1. AfterCollege/AACN $10,000 scholarship fund. This scholarship fund supports students who are seeking a baccalaureate, master’s or doctoral degree in nursing and offers a $10,000 scholarship, with $2,500 awarded each quarter. Those students seeking to become nursing faculty or are in RN-to-MSN programs may receive special consideration.
  1. National Association of Hispanic Nurses scholarships. NAHN scholarships are awarded annually to active members enrolled in accredited licensed practical nurse, associate, diploma, baccalaureate, and graduate degree nursing programs. Scholarship offerings range from $1,000 to full tuition coverage. Some NAHN scholarships require separate applications.
  1. ENA Foundation Academic scholarships. There are opportunities for more than 30 scholarships for emergency nurses pursuing a master’s degree in nursing administration, nursing education or public health or who are getting a master’s to become a nurse practitioner.

Already have your degree? Look into loan repayment programs

One avenue to eliminating graduate degree-induced debt is to apply for a loan repayment program. While this list is non-exhaustive, the following government-funded programs cover most (if not all) of outstanding student loan debt in exchange for servicing medically underserved regions. 

  1. Nurse Corps Loan Repayment Program. This payment program will cover up to 85% of unpaid nursing education debt for registered nurses, advanced practice registered nurses (nurse practitioners, nurse midwives, nurse anesthetists), and nurse faculty. Award recipients must work for two years in a critical shortage facility or an eligible nursing school as nurse faculty.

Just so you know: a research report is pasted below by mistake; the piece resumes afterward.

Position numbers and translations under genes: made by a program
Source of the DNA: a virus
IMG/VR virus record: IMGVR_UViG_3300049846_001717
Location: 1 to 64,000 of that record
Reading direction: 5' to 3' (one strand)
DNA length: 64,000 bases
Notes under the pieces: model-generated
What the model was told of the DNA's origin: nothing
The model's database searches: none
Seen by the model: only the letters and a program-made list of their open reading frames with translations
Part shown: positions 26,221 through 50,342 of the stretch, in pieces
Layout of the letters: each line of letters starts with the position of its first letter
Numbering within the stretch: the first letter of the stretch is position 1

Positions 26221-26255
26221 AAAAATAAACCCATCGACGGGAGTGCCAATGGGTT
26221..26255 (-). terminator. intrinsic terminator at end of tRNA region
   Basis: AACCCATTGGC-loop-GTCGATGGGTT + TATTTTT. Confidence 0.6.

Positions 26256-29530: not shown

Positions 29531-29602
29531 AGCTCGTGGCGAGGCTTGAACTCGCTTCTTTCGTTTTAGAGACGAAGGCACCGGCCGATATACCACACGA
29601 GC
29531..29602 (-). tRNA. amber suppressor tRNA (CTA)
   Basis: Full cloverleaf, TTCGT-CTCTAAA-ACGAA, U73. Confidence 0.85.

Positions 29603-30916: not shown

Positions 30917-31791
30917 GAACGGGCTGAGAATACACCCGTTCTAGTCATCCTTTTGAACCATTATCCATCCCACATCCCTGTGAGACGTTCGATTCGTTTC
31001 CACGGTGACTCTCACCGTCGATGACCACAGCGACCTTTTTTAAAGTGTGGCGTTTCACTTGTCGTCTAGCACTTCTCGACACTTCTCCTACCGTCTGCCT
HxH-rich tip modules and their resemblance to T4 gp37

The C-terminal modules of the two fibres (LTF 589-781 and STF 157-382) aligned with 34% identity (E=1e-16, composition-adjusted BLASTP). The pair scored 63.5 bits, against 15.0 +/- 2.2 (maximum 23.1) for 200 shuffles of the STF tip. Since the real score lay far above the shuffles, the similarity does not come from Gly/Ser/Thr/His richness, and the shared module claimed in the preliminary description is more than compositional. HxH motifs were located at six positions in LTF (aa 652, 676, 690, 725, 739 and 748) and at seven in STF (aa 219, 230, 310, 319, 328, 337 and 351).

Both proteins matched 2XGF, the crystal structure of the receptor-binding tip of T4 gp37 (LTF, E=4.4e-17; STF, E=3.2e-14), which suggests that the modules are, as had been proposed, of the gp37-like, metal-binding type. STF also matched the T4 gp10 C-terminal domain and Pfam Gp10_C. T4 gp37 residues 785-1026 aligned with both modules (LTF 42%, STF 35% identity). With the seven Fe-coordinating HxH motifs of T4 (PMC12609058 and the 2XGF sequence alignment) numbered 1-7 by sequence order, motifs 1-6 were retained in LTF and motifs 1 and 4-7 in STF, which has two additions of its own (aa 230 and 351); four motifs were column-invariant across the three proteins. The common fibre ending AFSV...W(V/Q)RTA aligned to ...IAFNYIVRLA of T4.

1. Indian Health Service. Supported by the National Health Service Corps, the IHS helps clinicians repay their eligible health profession education loans in exchange for two years of service in health facilities serving American Indian and Alaska Native communities. The IHS will pay up to $40,000, and nurses don’t need to be of American Indian or Alaska Native heritage to qualify.
  1. National Health Service Corps Loan Repayment Program. Nurses who commit to working at an approved location for at least two years can receive loan repayment assistance from this program. Nurse practitioners, including those practicing in the adult, family, pediatric, women’s health and geriatrics fields, are eligible. Certified nurse-midwives are also eligible. Sites must be located in designated health professional shortage areas. Award winners who commit to full-time service can earn up to $50,000 over two years and those who commit to half-time service can earn up to $25,000 for two years.

See how the schools you’re considering fared in Fortune’s rankings of the best master’s degree programs in nursingcomputer sciencecybersecuritypsychology, public healthbusiness analyticsdata sciencedoctorate in education, and part-timeexecutive, full-time, and online MBA programs.